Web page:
Stephanie Vierkotter, 33
Polymer composites are stronger, cheaper and lighter than metals. They could be used to make fuel-efficient, rust-resistant cars and airplanes and to retrofit aging bridges. Yet if they’re so good, why aren’t they used more widely? One reason: industry lacks inexpensive, nondestructive evaluation methods for testing the stresses and strains on these materials when they are in place.
Hoping to reduce the stress in this area is Stephanie Vierkötter.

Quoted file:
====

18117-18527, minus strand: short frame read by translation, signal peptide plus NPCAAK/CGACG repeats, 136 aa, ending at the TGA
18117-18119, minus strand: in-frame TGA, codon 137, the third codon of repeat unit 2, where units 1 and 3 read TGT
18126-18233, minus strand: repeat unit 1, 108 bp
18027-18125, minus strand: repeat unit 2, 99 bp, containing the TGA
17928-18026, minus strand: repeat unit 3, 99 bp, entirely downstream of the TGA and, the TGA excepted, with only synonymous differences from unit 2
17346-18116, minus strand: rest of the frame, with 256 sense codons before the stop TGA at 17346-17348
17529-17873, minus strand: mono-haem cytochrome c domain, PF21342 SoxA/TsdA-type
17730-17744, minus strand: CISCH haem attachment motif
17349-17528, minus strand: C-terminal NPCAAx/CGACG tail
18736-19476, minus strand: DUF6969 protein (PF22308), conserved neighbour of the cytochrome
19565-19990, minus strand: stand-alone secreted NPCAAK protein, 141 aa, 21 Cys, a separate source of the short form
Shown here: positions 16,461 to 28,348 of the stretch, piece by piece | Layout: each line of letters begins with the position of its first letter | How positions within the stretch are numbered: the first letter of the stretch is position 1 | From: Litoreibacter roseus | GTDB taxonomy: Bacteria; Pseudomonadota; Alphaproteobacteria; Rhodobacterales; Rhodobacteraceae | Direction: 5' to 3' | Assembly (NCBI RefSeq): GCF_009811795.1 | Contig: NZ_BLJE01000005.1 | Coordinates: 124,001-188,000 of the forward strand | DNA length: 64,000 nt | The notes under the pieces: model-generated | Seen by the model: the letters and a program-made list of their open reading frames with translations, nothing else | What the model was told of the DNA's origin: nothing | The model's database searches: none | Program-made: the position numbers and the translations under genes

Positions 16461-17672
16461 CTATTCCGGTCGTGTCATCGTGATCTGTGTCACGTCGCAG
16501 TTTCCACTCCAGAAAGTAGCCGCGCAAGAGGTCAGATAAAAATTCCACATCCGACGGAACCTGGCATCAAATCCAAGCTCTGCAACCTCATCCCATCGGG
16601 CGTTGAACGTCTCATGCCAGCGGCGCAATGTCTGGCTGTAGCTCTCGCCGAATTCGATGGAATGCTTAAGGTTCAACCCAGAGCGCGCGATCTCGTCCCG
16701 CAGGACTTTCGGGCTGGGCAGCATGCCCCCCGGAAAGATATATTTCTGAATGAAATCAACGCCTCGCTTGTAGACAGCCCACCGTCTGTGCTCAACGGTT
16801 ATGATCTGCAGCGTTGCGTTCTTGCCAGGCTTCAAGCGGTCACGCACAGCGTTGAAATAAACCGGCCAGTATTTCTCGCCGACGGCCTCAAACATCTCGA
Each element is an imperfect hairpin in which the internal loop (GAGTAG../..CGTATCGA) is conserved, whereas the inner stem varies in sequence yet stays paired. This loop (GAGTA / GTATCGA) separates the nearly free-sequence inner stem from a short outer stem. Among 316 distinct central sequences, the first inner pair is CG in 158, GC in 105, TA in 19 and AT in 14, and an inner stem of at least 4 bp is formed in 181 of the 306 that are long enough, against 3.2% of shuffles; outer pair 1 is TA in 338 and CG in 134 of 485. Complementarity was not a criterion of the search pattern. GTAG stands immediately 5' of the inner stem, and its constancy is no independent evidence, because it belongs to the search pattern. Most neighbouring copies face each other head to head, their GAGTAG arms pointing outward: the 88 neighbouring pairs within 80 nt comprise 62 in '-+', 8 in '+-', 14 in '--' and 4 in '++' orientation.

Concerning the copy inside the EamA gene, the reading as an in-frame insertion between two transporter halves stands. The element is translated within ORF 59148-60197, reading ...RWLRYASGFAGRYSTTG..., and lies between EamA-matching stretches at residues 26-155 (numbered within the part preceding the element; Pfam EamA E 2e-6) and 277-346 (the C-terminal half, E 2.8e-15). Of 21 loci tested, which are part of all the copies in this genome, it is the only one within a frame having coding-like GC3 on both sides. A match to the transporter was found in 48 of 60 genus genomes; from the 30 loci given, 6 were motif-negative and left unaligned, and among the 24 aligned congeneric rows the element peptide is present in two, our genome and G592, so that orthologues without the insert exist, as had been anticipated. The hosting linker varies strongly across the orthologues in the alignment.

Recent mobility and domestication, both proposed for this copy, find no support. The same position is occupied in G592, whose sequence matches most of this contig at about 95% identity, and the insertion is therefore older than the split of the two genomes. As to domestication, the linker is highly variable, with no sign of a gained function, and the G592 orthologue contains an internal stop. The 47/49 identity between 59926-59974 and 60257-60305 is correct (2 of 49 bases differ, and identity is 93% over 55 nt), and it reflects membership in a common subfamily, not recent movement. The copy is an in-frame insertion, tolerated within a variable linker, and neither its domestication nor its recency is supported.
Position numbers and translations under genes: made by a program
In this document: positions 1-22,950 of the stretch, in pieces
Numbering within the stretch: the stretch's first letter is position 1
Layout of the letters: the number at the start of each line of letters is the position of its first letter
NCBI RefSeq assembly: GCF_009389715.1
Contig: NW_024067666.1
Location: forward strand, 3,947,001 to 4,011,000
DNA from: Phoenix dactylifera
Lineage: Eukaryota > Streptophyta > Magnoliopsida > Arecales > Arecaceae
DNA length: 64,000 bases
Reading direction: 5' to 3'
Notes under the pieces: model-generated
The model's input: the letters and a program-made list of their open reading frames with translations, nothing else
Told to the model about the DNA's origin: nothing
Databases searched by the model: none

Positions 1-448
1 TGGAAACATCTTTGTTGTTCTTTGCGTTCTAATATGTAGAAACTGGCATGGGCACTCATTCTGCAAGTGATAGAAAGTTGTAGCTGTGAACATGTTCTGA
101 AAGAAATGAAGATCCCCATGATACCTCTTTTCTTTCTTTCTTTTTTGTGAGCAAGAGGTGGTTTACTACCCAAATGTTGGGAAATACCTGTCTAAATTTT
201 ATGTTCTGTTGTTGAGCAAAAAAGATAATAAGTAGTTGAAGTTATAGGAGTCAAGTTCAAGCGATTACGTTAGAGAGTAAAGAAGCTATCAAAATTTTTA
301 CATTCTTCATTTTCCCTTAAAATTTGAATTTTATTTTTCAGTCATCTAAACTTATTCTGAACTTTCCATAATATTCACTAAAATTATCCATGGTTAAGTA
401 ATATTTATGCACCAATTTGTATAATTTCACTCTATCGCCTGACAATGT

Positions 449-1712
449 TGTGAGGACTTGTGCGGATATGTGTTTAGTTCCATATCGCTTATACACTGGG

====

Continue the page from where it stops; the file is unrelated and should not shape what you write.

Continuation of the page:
Vierkötter aims to turn a sophisticated lab instrument for measuring something called nuclear quadrupole resonance (NQR) into a practical technology that can map the response of composites under varying loads. If she succeeds, the NQR-based gauge could help engineers monitor a composite to determine if it’s still safe.
Vierkötter is also developing an NQR-based system to detect TNT in plastic-cased landmines.By reading the explosive’s chemical signature, this system would work better than conventional metal detectors, which mistake nails and other metal objects for mines. One hallmark of an innovator is the ability to take an exotic lab technology, see how it could change the world, and bring it forth into the market. Vierkötter has that trait in abundance.